In my recent project there was a lot of data business logic, so I had to organize this code somehow. In this article I'll describe a few hints on how to it.
Simple business logic functions should in models or managers. When there's a lot of them, the can be split in mixins.
For business logic errors you should declare custom exception classes. It's not fun to understand what this specific IntegrityError means.
When all logic is in model and can throw, say,
BusinessLogicException, we can write views like this:
In this article we'll review general approach to working with the best kind of projects - the ones with old untested and undocumented spaghetti code and a tight schedule. We'll review anger management techniques, coping mechanisms and some refactoring tips that might come in handy.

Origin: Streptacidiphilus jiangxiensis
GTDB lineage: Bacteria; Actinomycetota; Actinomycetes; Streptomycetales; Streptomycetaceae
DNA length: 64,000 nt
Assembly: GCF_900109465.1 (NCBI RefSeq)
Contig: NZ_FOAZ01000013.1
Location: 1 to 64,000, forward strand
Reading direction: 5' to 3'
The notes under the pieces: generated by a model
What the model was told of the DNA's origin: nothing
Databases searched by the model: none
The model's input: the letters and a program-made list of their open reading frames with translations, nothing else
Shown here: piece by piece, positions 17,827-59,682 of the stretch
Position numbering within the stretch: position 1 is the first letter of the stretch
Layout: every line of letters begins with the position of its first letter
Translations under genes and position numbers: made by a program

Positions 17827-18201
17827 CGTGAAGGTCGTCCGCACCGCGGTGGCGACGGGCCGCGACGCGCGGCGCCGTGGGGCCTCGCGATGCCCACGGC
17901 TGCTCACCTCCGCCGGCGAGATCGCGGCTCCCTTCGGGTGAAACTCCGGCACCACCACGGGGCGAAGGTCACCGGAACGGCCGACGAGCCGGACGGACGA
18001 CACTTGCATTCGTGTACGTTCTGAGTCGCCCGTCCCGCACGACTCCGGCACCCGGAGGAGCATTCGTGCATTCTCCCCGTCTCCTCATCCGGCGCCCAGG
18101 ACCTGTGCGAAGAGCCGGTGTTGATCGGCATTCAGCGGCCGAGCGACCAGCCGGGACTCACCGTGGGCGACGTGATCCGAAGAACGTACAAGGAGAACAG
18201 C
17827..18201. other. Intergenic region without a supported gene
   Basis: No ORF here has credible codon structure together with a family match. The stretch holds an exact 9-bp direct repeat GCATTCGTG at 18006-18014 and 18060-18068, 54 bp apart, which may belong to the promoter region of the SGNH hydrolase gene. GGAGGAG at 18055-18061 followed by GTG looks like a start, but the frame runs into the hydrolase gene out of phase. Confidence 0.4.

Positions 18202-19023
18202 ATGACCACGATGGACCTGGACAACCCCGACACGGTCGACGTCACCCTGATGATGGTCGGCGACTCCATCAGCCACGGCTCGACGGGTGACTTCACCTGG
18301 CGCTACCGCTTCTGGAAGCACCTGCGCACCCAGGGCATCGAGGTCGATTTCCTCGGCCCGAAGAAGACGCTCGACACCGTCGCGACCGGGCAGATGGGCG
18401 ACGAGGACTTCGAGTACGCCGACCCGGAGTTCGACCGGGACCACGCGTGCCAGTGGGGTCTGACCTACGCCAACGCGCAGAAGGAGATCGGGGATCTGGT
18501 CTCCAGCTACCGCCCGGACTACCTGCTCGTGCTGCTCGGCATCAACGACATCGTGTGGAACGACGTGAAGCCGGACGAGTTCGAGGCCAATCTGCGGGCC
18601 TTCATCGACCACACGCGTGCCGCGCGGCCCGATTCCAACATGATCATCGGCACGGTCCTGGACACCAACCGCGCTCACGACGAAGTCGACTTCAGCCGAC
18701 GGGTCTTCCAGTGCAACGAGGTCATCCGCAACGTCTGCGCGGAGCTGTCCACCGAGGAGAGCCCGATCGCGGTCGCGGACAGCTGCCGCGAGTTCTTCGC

One of our recent projects includes the functionality of an inline code editor. This code editor needed to be highly extensible and have custom features. To address this, we chose Codemirror v6 due to its peculiar architecture - it is highly customizable, and all the additional features are provided into codemirror engine as Extension objects.
In order to check if user is authentcated in test, you can run: from django.contrib.auth import get_user class MyTestCase(TestCase): def test_login(self): self.assertFalse(get_user(self.client).is_authenticated()) self.client.login(username='fred', password='secret') self.assertTrue(get_user(self.client).is_authenticated())